The solution primarily focused on integrating password-less authentication, user-command verification, and third-party interoperability into the ICS architecture. This would address the need for stronger password choices, a secure update mechanism, and third-party vendor access.
Now third-party access wasn’t exactly on the reports I mentioned, but something related was. Recall that 27% of the sites/devices had been directly connected to the internet leaving them exposed to a bunch of attacks. We wanted to find out why that was. Upon doing a bit more digging, we realized that the industrial sites were allowing third-party access to such devices to allow the device manufacturers and maintainers to keep tabs on device health. This is something Blockchain can help us streamline in a secure and efficient way.
The solution comprised of a three-layered mechanism, the asset, IoT cloud, and the blockchain. In order to connect to and send commands to the asset, the user had to go through a series of steps.
The user journey started at the blockchain wallet. The blockchain wallet would be hosted on a trusted server or computer. Upon connecting to the wallet, the user is issued a public/private key pair which is then used to derive the account address.
The private key uses something called elliptic curve multiplication to produce a public key which is then double encoded (SHA-256 & RIPEMD160) and is introduced to base58 check encoding in order to produce an account address for the user. The account address is used to attempt and initiate a connection with the IoT cloud, where it is met with a random challenge. This challenge changes every time the user attempts to log in. Upon the successful completion of the challenge, the user is issued a Java Web Token which then allows the user to interact with the cloud and cloud APIs as they normally would.
Here’s where it gets interesting, each user command targeted at the device, will be treated as a transaction on the private blockchain. The content of each transaction will be hashed, encrypted with the user’s private key and then sent to the IoT device to be decrypted. The solution incorporates something known as selective endorsement, meaning that each transaction on the blockchain must be verified by trusted personnel on the network.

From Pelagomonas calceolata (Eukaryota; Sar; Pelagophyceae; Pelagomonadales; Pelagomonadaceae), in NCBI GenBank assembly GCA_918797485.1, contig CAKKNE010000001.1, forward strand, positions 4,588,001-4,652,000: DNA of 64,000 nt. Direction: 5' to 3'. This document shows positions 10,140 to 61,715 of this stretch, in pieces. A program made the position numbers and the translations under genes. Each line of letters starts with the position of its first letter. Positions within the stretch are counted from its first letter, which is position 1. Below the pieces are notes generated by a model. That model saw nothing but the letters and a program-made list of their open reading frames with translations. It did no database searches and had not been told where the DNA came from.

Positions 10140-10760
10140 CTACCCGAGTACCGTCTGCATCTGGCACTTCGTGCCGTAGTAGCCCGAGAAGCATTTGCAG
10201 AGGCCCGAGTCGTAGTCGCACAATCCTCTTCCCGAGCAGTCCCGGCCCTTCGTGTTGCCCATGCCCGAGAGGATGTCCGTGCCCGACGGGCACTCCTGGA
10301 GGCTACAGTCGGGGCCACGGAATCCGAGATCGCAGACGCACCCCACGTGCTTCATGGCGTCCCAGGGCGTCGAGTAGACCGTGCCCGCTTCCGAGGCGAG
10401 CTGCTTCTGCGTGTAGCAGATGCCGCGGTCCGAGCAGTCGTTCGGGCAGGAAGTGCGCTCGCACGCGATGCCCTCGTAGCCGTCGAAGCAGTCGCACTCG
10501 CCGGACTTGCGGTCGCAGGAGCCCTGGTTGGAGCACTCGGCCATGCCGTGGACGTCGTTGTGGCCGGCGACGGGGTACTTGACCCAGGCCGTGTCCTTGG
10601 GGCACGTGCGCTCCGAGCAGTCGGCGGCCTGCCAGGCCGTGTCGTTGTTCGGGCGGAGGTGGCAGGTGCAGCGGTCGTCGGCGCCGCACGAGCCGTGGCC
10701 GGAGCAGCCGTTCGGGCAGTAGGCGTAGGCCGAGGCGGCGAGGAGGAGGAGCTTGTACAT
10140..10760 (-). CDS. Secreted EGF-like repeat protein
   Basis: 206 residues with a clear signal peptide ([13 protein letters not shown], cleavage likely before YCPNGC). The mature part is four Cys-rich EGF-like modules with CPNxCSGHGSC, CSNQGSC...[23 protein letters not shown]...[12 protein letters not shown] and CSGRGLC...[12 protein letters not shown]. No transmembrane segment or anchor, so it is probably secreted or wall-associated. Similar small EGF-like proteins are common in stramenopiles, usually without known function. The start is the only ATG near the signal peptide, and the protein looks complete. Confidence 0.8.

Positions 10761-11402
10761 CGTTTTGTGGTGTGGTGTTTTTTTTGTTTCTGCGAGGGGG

Being on the receiving end of the transaction, the IoT device compares the hash of the received content, with the hash of actual intended content. This allows the device to check for tampering and verify the integrity of the data. The IoT device then sends back a status update which includes details like software health, firmware health and more.
In terms of interoperability, the incorporated blockchain is a private one. This allows the vendors to be published third party, read on access to the blockchain to provide for real-time device health monitoring. This tackles the interoperability issue as the devices would no longer need to be provided direct access over the internet.
Parallel to the incorporation of blockchain, our solution also introduces network segmentation into the ICS architecture.
Network segmentation simply means separating an existing network into multiple subsidiary networks with their own broadcast domains. This is usually done in corporate and enterprise settings by implementing VLANs(Virtual Local Area Network). VLANs work as if they are two independent switches/routers thus one compromised router/VLAN will not compromise the whole network.
How do these solutions tie to our initial problems?
Allowing the user to authenticate and verify their identity using blockchain eradicates the need for passwords, let alone eradicating weak-passwords.
Treating each command as a transaction provides a safe mechanism that ensures updates are only pushed by trusted personnel, and that the file has not been tampered with.
Getting the device to broadcast health updates to the blockchain allows us to record a tamper-free log of the device's status. Moreover, we can allow third-party vendors and device manufacturers read-only access to the blockchain allowing them to monitor device health in real-time without ever connecting to it.
Incorporating this solution might not be as cool as AI dogs and gene-edited cats, but it is something that can prevent another Mirai and another Stuxnet. It is something that can save lives.